Banned During Campaign...Included in Innauguration

>> Wednesday, December 10, 2008

It's confirmed!

" 'Hussein'...Okay for me...but not for thee." - Barry-O

40 comments:

Geoffrey Kruse-Safford December 10, 2008 at 3:41 PM  

You folks are always great for a laugh and a rueful shake of the head.

What the hell does the way Obama will be sworn in have to do with anything in the world? I swear you see everything as evidence of some grand conspiracy to destroy the US.

Too funny.

BTW, don't try to explain why this is important. I already have a headache and I don't need a migraine on top of it trying to unravel the combination of your prose and your reasoning (Such as it may be). Just let me assume that it means something to you, and let's leave it at that.

Al-Ozarka December 10, 2008 at 7:40 PM  

"BTW, don't try to explain why this is important. I already have a headache and I don't need a migraine on top of it..."

What better reason?

Noone was allowed to utter the name "Hussein" in connection to Obama during the campaign, J-Off. He was absolutely ashamed of his name then.

Now it's okay.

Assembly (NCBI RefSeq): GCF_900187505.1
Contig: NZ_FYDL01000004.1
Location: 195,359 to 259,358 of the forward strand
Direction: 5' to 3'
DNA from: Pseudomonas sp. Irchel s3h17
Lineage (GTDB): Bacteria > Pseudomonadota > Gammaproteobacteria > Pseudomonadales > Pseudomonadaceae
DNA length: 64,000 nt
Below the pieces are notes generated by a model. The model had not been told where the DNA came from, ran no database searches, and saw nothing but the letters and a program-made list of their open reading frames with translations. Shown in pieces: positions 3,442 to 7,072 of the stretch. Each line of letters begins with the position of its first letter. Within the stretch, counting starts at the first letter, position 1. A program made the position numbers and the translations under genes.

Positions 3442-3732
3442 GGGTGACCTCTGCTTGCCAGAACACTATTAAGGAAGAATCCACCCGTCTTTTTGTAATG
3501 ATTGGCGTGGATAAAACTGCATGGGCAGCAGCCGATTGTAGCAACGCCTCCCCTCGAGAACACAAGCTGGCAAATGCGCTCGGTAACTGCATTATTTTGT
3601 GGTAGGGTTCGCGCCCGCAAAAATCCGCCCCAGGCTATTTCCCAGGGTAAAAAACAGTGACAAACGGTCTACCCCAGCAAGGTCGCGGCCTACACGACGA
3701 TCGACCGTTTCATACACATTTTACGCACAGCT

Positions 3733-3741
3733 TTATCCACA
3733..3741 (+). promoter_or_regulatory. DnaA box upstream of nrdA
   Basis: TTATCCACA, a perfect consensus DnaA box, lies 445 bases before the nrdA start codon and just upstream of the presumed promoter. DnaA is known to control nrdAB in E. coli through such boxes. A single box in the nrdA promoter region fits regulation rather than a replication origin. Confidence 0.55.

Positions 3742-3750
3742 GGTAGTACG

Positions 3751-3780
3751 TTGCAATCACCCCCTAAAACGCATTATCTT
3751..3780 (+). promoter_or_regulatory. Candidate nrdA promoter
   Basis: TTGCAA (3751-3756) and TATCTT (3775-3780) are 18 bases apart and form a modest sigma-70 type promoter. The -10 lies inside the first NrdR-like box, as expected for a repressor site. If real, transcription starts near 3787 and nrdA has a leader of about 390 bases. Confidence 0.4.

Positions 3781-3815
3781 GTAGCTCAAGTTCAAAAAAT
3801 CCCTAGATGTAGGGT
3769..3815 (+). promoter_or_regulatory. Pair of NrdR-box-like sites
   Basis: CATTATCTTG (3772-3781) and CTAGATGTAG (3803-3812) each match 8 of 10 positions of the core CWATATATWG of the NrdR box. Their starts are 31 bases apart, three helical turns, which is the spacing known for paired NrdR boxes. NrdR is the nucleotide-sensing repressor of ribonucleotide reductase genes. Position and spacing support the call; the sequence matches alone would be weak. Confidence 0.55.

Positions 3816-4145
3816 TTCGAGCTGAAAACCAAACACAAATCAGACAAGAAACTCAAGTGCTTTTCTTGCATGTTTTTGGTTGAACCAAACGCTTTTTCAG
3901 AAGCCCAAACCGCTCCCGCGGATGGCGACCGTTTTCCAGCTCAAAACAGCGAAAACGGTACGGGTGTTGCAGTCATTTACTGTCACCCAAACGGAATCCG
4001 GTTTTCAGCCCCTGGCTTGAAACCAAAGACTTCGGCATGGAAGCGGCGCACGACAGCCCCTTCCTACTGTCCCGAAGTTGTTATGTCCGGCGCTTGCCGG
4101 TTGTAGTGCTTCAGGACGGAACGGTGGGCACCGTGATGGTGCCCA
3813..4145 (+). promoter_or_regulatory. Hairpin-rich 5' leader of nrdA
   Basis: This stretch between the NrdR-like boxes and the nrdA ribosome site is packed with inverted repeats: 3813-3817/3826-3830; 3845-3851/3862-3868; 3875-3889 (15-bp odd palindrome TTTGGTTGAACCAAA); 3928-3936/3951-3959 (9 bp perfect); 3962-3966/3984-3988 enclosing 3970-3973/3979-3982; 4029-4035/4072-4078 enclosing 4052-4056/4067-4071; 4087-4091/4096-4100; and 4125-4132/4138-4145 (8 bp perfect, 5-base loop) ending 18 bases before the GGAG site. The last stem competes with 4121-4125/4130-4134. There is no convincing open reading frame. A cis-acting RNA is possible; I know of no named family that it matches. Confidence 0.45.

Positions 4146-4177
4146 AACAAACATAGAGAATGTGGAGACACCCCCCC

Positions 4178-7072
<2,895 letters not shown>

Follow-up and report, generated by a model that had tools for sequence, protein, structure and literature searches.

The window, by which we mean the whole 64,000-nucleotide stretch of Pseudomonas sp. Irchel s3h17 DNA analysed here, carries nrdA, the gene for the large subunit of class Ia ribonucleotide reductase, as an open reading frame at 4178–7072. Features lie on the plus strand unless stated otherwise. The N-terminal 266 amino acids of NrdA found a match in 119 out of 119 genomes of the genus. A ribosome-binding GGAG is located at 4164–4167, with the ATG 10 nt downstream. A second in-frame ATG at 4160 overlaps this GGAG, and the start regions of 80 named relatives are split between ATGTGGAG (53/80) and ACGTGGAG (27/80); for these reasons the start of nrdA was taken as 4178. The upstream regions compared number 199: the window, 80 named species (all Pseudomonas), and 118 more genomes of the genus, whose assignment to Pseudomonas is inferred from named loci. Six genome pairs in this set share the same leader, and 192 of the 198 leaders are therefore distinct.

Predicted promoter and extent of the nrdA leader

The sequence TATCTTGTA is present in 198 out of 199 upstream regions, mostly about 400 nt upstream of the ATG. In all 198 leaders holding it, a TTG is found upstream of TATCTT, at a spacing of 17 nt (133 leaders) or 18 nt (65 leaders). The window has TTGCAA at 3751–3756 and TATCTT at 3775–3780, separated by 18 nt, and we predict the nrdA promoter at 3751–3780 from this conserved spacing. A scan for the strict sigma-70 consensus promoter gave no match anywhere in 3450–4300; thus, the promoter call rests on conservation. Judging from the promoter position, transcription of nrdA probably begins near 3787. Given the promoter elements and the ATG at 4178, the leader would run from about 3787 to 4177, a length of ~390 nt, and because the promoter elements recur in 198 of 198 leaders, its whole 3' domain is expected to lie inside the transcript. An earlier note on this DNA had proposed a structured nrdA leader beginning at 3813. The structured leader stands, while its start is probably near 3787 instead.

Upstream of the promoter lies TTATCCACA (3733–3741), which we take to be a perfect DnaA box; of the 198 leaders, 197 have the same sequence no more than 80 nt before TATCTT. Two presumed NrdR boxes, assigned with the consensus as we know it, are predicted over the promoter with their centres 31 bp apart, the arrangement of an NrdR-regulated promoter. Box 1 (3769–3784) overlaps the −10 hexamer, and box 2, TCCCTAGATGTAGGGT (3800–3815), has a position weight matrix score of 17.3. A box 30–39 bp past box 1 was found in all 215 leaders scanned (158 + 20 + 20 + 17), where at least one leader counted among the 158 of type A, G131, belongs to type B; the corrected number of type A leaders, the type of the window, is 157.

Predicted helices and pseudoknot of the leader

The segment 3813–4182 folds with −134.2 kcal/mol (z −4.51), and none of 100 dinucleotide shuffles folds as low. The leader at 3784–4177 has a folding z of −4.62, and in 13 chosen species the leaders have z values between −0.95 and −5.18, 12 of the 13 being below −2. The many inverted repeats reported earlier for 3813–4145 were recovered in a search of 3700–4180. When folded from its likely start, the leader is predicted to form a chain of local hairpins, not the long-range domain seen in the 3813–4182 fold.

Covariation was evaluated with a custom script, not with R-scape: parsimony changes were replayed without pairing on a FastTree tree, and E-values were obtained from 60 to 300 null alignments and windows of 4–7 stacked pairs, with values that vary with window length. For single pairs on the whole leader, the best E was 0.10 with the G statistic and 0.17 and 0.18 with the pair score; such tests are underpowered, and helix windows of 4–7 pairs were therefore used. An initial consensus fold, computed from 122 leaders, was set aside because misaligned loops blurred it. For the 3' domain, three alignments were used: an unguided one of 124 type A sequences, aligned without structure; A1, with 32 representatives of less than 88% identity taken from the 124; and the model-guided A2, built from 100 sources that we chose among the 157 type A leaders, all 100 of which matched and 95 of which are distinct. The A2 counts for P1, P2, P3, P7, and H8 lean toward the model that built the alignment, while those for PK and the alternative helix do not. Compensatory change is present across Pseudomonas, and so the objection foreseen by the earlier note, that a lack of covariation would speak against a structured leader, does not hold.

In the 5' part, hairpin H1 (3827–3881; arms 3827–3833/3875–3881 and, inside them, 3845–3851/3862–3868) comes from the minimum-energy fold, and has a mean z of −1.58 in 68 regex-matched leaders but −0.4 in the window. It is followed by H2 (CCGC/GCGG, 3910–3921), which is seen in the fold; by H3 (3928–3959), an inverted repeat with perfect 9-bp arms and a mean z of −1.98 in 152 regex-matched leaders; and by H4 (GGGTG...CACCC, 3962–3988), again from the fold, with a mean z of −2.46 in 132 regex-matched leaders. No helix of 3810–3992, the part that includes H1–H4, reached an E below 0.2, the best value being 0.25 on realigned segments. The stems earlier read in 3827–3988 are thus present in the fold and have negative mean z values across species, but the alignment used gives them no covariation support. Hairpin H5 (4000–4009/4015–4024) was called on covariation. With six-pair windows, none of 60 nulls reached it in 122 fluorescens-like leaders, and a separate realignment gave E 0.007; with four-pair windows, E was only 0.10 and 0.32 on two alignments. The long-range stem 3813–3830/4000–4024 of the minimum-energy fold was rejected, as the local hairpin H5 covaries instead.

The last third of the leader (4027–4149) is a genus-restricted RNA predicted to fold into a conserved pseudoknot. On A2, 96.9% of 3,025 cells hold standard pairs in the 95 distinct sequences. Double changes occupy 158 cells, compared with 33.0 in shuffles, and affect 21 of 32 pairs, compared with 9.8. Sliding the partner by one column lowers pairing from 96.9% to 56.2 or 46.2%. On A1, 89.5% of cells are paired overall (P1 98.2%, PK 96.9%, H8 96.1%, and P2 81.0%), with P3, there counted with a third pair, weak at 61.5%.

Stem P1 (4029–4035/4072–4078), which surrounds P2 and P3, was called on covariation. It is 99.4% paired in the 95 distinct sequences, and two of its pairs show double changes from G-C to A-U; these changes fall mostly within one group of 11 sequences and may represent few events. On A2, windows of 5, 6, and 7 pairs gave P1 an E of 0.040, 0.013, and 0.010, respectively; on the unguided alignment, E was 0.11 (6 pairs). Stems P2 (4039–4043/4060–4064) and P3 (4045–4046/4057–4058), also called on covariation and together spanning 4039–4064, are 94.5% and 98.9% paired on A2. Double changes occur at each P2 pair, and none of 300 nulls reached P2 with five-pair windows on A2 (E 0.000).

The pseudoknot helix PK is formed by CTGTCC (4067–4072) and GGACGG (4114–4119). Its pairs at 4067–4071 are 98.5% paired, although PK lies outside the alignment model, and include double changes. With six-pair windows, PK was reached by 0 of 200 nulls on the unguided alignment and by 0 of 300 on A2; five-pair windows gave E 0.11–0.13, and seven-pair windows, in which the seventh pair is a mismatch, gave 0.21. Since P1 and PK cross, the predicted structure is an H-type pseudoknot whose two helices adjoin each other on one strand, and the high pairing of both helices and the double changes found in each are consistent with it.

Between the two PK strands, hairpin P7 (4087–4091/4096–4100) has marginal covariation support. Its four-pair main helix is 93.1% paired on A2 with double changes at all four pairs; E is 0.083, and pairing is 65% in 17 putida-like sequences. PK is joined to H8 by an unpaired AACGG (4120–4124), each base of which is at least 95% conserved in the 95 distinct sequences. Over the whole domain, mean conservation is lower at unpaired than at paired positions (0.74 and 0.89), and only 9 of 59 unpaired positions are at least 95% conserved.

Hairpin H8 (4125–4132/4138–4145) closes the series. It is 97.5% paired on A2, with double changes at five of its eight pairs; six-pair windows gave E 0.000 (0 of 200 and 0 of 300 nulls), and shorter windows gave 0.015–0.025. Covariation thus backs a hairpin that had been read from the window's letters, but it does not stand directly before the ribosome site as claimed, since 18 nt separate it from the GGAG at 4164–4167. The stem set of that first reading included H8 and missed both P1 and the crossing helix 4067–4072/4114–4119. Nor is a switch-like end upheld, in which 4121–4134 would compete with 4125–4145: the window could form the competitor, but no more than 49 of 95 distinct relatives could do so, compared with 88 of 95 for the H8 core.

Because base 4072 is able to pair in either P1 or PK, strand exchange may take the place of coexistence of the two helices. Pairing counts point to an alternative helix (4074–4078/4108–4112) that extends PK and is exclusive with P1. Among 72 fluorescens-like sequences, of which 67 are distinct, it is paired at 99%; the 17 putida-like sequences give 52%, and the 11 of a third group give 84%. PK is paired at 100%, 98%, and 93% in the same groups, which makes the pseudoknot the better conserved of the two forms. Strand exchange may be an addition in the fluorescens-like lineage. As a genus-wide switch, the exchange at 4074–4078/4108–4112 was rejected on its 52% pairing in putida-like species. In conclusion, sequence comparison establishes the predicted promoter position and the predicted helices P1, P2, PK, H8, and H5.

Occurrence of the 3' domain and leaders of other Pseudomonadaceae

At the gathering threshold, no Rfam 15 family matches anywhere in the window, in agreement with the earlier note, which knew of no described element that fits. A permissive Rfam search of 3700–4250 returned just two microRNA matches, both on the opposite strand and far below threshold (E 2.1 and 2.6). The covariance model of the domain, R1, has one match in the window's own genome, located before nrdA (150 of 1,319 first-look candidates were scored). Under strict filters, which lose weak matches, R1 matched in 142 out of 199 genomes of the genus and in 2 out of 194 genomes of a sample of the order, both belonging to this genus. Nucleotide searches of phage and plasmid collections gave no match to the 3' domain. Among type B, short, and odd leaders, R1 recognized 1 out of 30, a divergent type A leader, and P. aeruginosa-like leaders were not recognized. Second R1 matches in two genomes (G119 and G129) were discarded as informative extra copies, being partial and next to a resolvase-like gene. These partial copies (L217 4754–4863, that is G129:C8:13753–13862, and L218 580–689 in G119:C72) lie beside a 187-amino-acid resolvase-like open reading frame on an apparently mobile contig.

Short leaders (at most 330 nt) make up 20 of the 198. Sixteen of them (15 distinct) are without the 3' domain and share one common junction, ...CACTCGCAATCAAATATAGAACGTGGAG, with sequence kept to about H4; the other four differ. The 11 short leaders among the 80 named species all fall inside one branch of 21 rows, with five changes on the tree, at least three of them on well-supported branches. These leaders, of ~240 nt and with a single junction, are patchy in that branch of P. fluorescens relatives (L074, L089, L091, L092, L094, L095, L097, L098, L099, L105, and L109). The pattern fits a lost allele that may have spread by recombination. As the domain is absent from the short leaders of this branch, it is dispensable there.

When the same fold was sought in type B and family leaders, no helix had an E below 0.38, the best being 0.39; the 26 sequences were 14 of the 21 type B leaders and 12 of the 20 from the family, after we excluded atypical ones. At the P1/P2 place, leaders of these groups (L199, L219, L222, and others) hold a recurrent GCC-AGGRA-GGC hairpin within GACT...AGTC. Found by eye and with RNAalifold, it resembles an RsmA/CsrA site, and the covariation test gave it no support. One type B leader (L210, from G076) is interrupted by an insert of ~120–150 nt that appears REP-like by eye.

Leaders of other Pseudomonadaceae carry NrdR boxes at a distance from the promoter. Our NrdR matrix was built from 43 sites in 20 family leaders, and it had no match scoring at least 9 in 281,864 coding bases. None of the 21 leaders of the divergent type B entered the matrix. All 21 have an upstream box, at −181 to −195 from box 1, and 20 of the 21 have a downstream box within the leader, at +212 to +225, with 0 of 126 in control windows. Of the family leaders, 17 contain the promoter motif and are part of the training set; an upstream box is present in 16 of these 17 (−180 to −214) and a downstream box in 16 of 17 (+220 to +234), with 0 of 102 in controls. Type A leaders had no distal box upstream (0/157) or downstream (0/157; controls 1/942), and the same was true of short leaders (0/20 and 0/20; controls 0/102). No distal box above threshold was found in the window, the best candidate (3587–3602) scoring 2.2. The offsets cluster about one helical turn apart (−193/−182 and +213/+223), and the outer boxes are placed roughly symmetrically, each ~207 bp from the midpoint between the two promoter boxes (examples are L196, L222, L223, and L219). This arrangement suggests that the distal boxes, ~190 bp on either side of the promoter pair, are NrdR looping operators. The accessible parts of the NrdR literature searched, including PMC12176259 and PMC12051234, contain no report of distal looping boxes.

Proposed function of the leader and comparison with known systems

Get it?

Geoffrey Kruse-Safford December 10, 2008 at 8:54 PM  

Nope. Not at all.

This isn't even a molehill out of which you could make a mountain. It isn't anything at all.

BTW, do you honestly think your little reference to masturbation bothers me? Shoot, it's as natural as breathing.

Keep trying, though.

Jim December 10, 2008 at 11:21 PM  
This comment has been removed by the author.
Jim December 10, 2008 at 11:22 PM  

Al et al. The wingers used Obama's middle name solely for the effect of connecting him somehow with Saddam Hussein and radical islam. Period.

I heard nobody on the right or anybody else refer to McCain as John Sidney McCain, yet I'll bet he would have sworn the oath of office with his full name. I guess the left could have used McCain's full name to imply that he was a wuss.

Mark December 11, 2008 at 7:55 AM